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We talk a lot about front list—generally agreed to be books published in the last year—YA fiction here and elsewhere around the bookish internet. Rarely do we devote too much space to backlist, though I know many of us here at Book Riot try to include it in most of our work. Backlist YA books offer us a treasure trove of excellent, thought-provoking, and timely stories. Backlist books sometimes fall into obscurity not because they’re not good, but because they hit the market at an inopportune time or because they simply fell under the radar when new books hit the scenes.
Let’s take a peek at some of the backlist YA books you should pick up ASAP. Have a favorite backlist YA book you want more people to pick up? Drop the title and author into the comments for a little love fest of older, but still delightful, YA.
Feed by M.T. Anderson
We went to the moon to have fun, but the moon turned out to completely suck.
So says Titus, whose ability to read, write, and even think for himself has been almost completely obliterated by his feed, a transmitter implanted directly into his brain. Feeds are a crucial part of life for Titus and his friends. After all, how else would they know where to party on the moon, how to get bargains at Weatherbee & Crotch, or how to accessorize the mysterious lesions everyone’s been getting? But then Titus meets Violet, a girl who cares about what s happening to the world and challenges everything Titus and his friends hold dear. A girl who decides to fight the feed.
*Pro tip: Try this one on audio!
Girl Overboard by Justina Chen
Everybody thinks Syrah is the golden girl. After all, her father is Ethan Cheng, billionaire, and she has everything any kid could possibly desire: a waterfront mansion, jet plane, and custom-designed snowboards. But most of what glitters in her life is fool’s gold. Her half-siblings hate her, her best friend’s girlfriend is ruining their friendship, and her own so-called boyfriend is only after her for her father’s name. When her broken heart results in a snowboarding accident that exiles her from the mountains—the one place where she feels free and accepted for who she is, not what she has—can Syrah rehab both her busted-up knee, “and” her broken heart?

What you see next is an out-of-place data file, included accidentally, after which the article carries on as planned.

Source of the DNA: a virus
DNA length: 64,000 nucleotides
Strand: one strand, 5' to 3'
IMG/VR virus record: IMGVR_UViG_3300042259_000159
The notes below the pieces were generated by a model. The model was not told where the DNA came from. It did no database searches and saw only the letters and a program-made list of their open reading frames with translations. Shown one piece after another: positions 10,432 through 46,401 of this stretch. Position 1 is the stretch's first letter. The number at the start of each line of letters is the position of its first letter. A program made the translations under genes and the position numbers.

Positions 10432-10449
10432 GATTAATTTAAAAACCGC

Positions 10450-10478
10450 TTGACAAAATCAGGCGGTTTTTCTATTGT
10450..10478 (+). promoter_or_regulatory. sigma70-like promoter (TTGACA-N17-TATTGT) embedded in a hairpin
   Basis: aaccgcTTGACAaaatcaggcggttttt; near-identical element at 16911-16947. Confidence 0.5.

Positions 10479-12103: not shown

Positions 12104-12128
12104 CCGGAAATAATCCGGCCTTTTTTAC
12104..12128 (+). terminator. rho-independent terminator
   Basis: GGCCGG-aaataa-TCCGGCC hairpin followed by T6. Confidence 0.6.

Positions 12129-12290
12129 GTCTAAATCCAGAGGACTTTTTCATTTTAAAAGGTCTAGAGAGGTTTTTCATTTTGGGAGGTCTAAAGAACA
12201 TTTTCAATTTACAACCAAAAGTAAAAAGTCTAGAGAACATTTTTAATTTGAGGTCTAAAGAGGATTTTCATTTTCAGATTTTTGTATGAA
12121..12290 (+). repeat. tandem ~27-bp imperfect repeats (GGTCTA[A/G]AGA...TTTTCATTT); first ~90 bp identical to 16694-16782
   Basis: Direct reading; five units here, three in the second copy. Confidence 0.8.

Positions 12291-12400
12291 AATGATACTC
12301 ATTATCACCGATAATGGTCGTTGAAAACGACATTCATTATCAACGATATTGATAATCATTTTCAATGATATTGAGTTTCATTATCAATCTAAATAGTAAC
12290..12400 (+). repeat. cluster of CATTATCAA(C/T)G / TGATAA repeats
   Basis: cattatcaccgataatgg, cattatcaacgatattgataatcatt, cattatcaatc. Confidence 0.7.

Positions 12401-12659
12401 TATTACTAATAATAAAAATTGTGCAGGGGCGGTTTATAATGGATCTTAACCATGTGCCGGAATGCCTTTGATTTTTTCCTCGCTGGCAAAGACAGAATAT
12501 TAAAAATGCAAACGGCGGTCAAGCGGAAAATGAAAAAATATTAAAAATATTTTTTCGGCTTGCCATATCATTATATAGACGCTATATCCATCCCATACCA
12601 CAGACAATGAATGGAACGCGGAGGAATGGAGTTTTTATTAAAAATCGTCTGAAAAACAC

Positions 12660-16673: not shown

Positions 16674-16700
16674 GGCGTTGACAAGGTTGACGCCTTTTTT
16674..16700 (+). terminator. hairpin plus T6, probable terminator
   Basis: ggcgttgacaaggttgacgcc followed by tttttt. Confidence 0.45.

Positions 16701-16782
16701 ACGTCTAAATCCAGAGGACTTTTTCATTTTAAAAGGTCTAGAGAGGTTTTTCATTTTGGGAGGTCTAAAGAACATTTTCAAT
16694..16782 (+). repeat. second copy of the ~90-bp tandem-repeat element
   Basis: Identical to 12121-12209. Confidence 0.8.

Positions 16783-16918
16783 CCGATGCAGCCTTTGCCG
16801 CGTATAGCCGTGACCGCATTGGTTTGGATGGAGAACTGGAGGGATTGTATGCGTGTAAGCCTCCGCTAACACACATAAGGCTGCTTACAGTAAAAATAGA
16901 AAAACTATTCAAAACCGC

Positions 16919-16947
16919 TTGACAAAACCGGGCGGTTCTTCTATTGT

Kiffe Kiffe Tomorrow by Faïza Guène
The Paradise projects are only a few metro stops from Paris, but here it’s a whole different kind of France. Doria’s father, the Beard, has headed back to their hometown in Morocco, leaving her and her mom to cope with their mektoub—their destiny—alone. They have a little help—from a social worker sent by the city, a psychiatrist sent by the school, and a thug friend who recites Rimbaud.
It seems like fate’s dealt them an impossible hand, but Doria might still make a new life. She’ll prove the projects aren’t only about rap, soccer, and religious tension. She’ll take the Arabic word kif-kif (same old, same old) and mix it up with the French verb kiffer (to really like something). Now she has a whole new motto: KIFFE KIFFE TOMORROW.
*This was not technically published as YA when it came out in 1999, but there’s little question it would be published YA today. Perfect for readers who read or were interested in I Love I Hate I Miss My Sister by Amélie Sarn.
Tyrell by Coe Booth (series)
Tyrell is a young African American teen who can’t get a break. He’s living (for now) with his spaced-out mother and little brother in a homeless shelter. His father’s in jail. His girlfriend supports him, but he doesn’t feel good enough for her—and seems to be always on the verge of doing the wrong thing around her. There’s another girl at the homeless shelter who is also after him, although the desires there are complicated. Tyrell feels he needs to score some money to make things better. Will he end up following in his father’s footsteps?
Unwind by Neal Shusterman (series)
Connor, Risa, and Lev are running for their lives.
The Second Civil War was fought over reproductive rights. The chilling resolution: Life is inviolable from the moment of conception until age thirteen. Between the ages of thirteen and eighteen, however, parents can have their child “unwound,” whereby all of the child’s organs are transplanted into different donors, so life doesn’t technically end. Connor is too difficult for his parents to control. Risa, a ward of the state, is not enough to be kept alive. And Lev is a tithe, a child conceived and raised to be unwound. Together, they may have a chance to escape and to survive.
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